THE BIG O’S BATTLE AGAINST THE BIG C
After a lifetime in the boat, Oscar Chalupsky could never lose sight of his love of paddling. Not even in the fight of his life.
“It’s basically your last race. It’s an important one to win, you know?” He says.
“You’ve just got to do whatever it takes.”
It’s of little surprise that his affable charm hasn’t waned either. Having received a diagnosis that would cause others to crumble, Chalupsky – the most accomplished and recognisable surfski paddler of all time – is just as upbeat and honest as ever.
“They say the one thing when you have cancer is that you want to don’t want to lose weight, otherwise you’re dying.
“I’m not at that stage. I’m actually putting on weight,” he laughs.
Speaking to him now, there’s no inkling of the daunting battle he faces. In fact, there was no inkling before the shock cancer diagnosis either.
After another jam-packed year of racing and coaching around the world, the now xx year-old fly down under for the Shaw and Partners WA Race Week. That’s when he began to notice something wasn’t right.
“I was in Perth racing flat out, but I couldn’t sleep at night at all because my back was causing so much pain,” Chalupsky recalls.
“I couldn’t sleep. Not even one hour. The only way I could sleep was standing up. I was taking every pain killer and nothing was working.
He didn’t notice the pain while paddling, but he did notice the performance.
“Guys that I would normally always beat were ahead me!”
A string of physiotherapy sessions provided no relief. By the end of the week, paddling too had become a struggle.
“I wasn’t going to race The Doctor because of the pain, but I thought, ‘I’m here and the wind is blowing,’ and I think I did pretty well on half power.”
He flew home to Portugal that night and had an MRI scan as soon as he landed. The results were not what he expected.
“And that’s where they saw the tumour pushing on my spine,” he says. “That’s why it was so painful.”
“Everybody had their theories, but when I got back I sent it to some mates, and they said, ‘you’ve got four to six months.’
“Everybody was upset, but I wasn’t upset. I said, ‘oh that’s fine, I don’t care,’ four to six months was better than one or two days, you know?”
It’s a brave outlook to adopt but it’s one that Chalupsky has harnessed his entire career. No challenge is too great and no outcome is impossible. That’s what lead him to pursue a second opinion in South Africa.
Doctors believed that the growth on his spine was a secondary tumour but they were unable to locate the primary source.
“They were going to cut the piece of the tumour out, but then just before they did, they checked my blood and realised I had multiple myeloma,” he says.
“They said, ‘alright, you’ve probably had this for a year and a half or two years.’ Before the Worlds, I had a rib problem and couldn’t paddle, then a shoulder problem and couldn’t paddle, and they said, ‘no, that’s all from the myeloma.’”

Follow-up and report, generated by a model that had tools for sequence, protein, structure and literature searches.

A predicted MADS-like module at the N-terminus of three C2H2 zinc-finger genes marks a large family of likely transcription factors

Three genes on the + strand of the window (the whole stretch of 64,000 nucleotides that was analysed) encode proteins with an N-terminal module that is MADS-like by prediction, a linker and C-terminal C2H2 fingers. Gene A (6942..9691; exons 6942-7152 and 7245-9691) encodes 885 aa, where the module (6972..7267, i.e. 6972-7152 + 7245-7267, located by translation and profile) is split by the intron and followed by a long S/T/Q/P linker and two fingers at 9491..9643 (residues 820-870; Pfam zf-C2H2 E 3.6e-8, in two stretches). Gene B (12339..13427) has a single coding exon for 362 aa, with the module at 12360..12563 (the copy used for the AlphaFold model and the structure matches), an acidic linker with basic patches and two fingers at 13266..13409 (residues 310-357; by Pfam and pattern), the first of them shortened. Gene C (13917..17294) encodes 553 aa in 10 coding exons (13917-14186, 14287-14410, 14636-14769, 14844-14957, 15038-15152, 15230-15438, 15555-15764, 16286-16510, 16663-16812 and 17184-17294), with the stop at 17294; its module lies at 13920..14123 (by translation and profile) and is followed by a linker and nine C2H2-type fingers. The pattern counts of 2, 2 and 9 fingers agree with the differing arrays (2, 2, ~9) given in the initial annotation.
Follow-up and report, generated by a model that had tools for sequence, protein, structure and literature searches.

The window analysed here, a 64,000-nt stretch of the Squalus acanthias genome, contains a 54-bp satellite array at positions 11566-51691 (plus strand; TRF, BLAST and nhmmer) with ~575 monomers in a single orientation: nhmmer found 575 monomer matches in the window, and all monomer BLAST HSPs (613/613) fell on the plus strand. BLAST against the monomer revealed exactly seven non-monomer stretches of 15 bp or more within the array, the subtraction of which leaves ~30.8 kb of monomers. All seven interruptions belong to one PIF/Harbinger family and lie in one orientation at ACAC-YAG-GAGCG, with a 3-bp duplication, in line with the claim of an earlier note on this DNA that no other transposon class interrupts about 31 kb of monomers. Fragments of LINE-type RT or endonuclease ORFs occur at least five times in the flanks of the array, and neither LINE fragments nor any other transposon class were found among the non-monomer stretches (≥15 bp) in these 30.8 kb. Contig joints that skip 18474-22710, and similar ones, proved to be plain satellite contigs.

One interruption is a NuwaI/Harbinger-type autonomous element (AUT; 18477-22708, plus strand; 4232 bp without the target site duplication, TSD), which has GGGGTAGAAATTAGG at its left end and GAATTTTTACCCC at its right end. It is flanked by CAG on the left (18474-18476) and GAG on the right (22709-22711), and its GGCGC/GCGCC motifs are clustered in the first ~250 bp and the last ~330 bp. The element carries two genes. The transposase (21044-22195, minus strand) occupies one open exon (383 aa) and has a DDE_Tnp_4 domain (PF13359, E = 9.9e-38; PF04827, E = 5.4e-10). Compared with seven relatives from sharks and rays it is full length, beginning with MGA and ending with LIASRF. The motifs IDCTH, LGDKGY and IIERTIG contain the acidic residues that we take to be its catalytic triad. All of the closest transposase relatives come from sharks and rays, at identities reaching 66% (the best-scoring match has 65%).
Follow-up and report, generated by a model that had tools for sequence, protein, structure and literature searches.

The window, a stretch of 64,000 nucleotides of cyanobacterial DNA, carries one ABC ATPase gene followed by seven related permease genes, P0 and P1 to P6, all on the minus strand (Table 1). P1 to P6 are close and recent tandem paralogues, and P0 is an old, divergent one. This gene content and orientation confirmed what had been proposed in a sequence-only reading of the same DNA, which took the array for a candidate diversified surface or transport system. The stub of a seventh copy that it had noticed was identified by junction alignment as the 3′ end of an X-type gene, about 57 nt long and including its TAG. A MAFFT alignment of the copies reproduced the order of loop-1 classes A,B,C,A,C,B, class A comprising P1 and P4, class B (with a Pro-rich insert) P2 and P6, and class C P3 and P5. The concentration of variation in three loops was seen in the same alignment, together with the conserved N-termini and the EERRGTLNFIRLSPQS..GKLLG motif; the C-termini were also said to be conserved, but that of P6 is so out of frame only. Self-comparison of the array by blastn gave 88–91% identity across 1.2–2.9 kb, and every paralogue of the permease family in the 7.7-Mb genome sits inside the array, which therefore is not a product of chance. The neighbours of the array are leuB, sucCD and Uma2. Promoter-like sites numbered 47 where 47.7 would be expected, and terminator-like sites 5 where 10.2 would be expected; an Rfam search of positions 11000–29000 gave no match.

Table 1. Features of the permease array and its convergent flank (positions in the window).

“I was on half power for quite a while, and that really pisses me off.”
His multiple myeloma, more commonly referred to as bone marrow cancer, was diagnosed as being somewhere between stages three and four.
“There’s no cure, but you normally last between three and five years. Some people have lasted a long time,” he says.
“But mine was very fast and aggressive, and different to a lot of people myelomas.”
The 12-time Molokai champion is comfortable sharing his experience.
“At the end of the day, if you don’t tell people, some people might not know they have it”
And like he did with all of those race wins, he’s simply put his head down and gotten to work.
Given the type of cancer, Chalupsky will undergo chemotherapy treatment for the rest of his life. It’s tough and it’s expensive, costing $17,000 AUD a month.
Thankfully, he says he is yet to feel overwhelmingly sick, and his already test results shown a marked improvement. The tumour on his spine his shrunk dramatically.
“Hopefully I’m getting stronger and hopefully I can start paddling again, and paddle even stronger.”
“They gave me steroids which is good, but now I’m sure they’re wearing off which is a pity,” he laughs.
Like any downwind race, challenges have come up along the way. Some have been small…
“When they radiated me they burnt my oesophagus, so it was quite hard eating and drinking.
“I could only drink Ellis beer and very expensive red wine, so I was pretty pissed off!”
While others, much bigger. As part of his treatment plan, Chalupsky is currently undergoing a process that sees his stem cells and bone marrow harvested and cleaned, before being re-injected into his body. It’s a dangerous procedure due to its impact on the immune system, so unsurprisingly, it’s taken on a new level of seriousness amid COVID-19.
Still, his inspiring outlook remains undaunted. Just like everything else that the Big O has taken on in his life, the Big C is no different.
“My whole objective now is to live long enough for them to find a cure,” he says.
“They’ll find a cure, I’m sure they will. Once they do, I’ll be plain sailing.”
“There’s so many ups and downs in life, when you’re my age. You’ve been doing a lot of things in business and sport, it’s just one of those things.”
“When I was given the news, it didn’t worry me one bit. I’ve achieved more than most people around the world, so I’ve had a good life.
“My family takes more strain than me. They worry more than me – I’m just not the worrying type at all.”
A pioneer in the sport like none before him, a lifetime of competition has prepared Oscar Chalupsky for the biggest fight of all.
“My attitude has always been the same. I’ve always been out there to win, I’ve always been out there to have fun. Still impart my knowledge – even if they don’t want it, I’ll still give it to them,” he laughs.
“I’ve achieved most things in life that I’ve wanted to. I’ll just keep on going. It’s just like a hurdle that has been put in my way, and it’s up to me how I handle it.”